Study Reveals How FIs Could Be Saving Some $8B Annually

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SAN FRANCISCO-A new study from Javelin Strategy & Research has found that the banking industry can save nearly $8 billion dollars by converting non-online customers to online banking and bill pay-at a cost savings of $167 per customer-and by convincing current online-banking customers to get the answers to half their customer-service questions online rather than through branches and call centers-at a cost savings of $8 per customer.

The study, "2010 Online Banking and Bill Payment Forecast: How to Cut $8.3 Billion in Costs Through Channel Conversion," found that approximately seven out of 10 households pay bills online through banks and billers, but regular bill-payers show a strong preference for paying more types of bills through banks rather than at a biller site. "Online-banking holdouts are starting to get more comfortable with the idea of banking online, which gives opportunistic financial institutions an opening to realize these savings," Javelin said.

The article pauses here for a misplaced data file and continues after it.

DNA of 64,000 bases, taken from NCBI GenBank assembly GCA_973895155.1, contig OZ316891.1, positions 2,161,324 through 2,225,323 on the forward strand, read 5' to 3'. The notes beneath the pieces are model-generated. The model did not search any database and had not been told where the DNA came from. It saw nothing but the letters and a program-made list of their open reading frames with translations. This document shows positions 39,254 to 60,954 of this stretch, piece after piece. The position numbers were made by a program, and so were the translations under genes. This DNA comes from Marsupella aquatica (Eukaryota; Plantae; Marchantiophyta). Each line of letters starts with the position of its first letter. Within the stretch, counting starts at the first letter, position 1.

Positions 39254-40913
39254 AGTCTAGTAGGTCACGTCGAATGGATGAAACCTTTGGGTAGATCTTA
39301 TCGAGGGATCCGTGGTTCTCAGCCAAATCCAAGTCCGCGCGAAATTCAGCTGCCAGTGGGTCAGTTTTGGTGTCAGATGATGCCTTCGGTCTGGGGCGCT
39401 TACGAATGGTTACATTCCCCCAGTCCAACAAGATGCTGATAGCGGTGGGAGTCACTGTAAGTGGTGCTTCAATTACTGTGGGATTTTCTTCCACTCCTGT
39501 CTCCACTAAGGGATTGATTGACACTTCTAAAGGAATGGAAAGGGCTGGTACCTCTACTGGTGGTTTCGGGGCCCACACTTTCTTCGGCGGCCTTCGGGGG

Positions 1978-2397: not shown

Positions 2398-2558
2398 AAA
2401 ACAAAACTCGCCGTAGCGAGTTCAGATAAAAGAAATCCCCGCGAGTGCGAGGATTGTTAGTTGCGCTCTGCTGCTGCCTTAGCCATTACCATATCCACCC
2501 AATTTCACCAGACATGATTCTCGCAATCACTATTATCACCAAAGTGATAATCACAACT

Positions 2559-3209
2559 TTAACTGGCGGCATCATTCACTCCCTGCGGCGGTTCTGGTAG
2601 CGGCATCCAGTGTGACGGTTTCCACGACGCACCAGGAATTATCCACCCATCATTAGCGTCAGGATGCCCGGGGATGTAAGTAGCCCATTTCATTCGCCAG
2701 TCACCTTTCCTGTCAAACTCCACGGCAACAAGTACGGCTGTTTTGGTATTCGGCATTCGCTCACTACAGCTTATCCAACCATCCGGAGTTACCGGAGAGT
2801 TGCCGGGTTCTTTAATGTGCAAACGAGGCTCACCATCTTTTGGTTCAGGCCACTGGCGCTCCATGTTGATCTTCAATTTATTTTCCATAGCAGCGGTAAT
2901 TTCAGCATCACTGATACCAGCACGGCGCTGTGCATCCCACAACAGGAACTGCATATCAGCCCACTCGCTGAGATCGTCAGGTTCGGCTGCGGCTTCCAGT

In 2010-versus 2009-non-online customers were less likely to say they do not find online banking valuable and showed less preference for dealing directly with a person and markedly less fear about unauthorized access to an online account.

"The relevance of online banking is expected to increase further as consumers' expectations for always-on, real-time control grows, regulators prod financial institutions to provide more effective ways to help consumers monitor and manage their money and technological innovations make online banking simpler and more practical," the study found.

Among the other findings:

• Nearly eight out of 10 households bank online, but adoption and usage have leveled off.

• Online-banking customers own more financial products, which presents the opportunity for FIs to deepen customer relationships by cross-selling additional products.

• Household managers who bank with smaller regional banks and community banks are less likely to log in to online banking on a monthly basis and are more likely to pay bills by check.

• Gen Y consumers prefer to pay bills-except for their mortgage-directly at biller sites.

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